The Jakarta Post
Marketing analysts have found a scientific explanation for our never-ending craving for salted caramel. (Shutterstock/File)
A recent scientific study led by marketing analysts Dr. Cammy Crolic and professor Chris Janiszewski of the University of Florida reveals why we can’t say no to salted caramel.
The confection of sugar, salt, milk and fat was created in the 1980s by inventive French chef Henri Le Roux, and over three decades later, foodies around the world are decidedly addicted. Salted caramel has appeared in desserts, chocolates, fudge and ice cream. It has also taken new form as coffees, teas, alcoholic beverages, peanut spreads and powdered sugar.
This list is by no means exhaustive, and it is curious as to how this creation from an obscure confectioner in Northern France has become so widely popular.
According to The Independent, the mixture presses the "want-more" button in our brains through "hedonic escalation“.
The abstract of the study describes hedonic escalation as: "...an increasing appreciation for each additional bite of a palatable food. Hedonic escalation is more likely to occur when (1) a palatable food consists of a complex combination of flavors and (2) a person has the ability to identify the flavors.”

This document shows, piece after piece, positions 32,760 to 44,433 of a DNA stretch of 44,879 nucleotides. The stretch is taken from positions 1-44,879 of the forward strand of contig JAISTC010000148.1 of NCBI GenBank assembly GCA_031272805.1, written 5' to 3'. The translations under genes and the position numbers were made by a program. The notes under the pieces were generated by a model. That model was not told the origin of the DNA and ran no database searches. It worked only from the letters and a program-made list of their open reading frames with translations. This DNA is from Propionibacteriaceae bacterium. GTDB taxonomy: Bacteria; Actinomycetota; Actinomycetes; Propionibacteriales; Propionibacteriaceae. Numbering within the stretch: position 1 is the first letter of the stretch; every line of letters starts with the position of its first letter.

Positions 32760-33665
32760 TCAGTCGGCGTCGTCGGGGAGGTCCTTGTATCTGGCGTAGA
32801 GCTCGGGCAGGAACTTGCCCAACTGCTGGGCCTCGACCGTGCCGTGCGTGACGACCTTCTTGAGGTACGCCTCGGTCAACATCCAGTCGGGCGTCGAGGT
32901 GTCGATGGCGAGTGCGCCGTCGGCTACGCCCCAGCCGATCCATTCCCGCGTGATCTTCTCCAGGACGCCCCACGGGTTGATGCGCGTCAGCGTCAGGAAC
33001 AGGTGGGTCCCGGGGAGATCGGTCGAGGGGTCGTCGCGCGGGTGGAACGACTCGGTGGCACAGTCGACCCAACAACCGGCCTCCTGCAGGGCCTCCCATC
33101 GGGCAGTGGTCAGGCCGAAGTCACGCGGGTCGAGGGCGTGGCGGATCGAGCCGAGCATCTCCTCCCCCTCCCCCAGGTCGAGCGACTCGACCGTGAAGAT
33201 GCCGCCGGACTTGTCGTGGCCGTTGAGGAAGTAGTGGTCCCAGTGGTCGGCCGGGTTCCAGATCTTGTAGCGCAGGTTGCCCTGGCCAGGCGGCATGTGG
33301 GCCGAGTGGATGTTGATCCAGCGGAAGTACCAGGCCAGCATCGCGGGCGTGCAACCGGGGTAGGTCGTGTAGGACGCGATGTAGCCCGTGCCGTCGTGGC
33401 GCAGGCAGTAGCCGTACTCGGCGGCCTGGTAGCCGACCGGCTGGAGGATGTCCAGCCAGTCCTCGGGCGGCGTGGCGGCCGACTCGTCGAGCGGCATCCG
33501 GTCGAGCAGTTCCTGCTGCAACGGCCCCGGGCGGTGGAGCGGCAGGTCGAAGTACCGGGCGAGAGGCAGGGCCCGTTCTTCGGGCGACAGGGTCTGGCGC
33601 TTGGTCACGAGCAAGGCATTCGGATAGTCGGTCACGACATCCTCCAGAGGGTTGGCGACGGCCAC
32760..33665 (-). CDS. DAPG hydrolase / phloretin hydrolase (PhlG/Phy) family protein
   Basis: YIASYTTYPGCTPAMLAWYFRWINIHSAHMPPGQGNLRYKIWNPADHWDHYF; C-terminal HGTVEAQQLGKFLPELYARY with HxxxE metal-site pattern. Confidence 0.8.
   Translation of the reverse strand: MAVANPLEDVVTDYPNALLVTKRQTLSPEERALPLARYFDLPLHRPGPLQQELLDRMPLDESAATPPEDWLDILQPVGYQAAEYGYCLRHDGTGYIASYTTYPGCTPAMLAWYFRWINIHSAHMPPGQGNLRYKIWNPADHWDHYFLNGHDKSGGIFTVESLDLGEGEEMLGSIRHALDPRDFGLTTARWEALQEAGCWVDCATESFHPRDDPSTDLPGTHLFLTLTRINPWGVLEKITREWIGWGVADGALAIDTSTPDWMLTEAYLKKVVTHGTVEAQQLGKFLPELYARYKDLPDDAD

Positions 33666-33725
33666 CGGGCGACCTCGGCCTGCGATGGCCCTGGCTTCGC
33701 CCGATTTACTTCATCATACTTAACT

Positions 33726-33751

In layman's terms, the phenomenon simply makes us want more.
Scientific studies in the 1990s revealed that the brain releases chemicals called endogenous opioids that produce a calming effect when we eat something sweet, salty or fatty. Salted caramel is all three.
So while finicky gastronomes might move on to other trends to explore new flavors, those who have already fallen in love with salted caramel may find that their "confectionary addiction" might be here to stay. (afr/asw)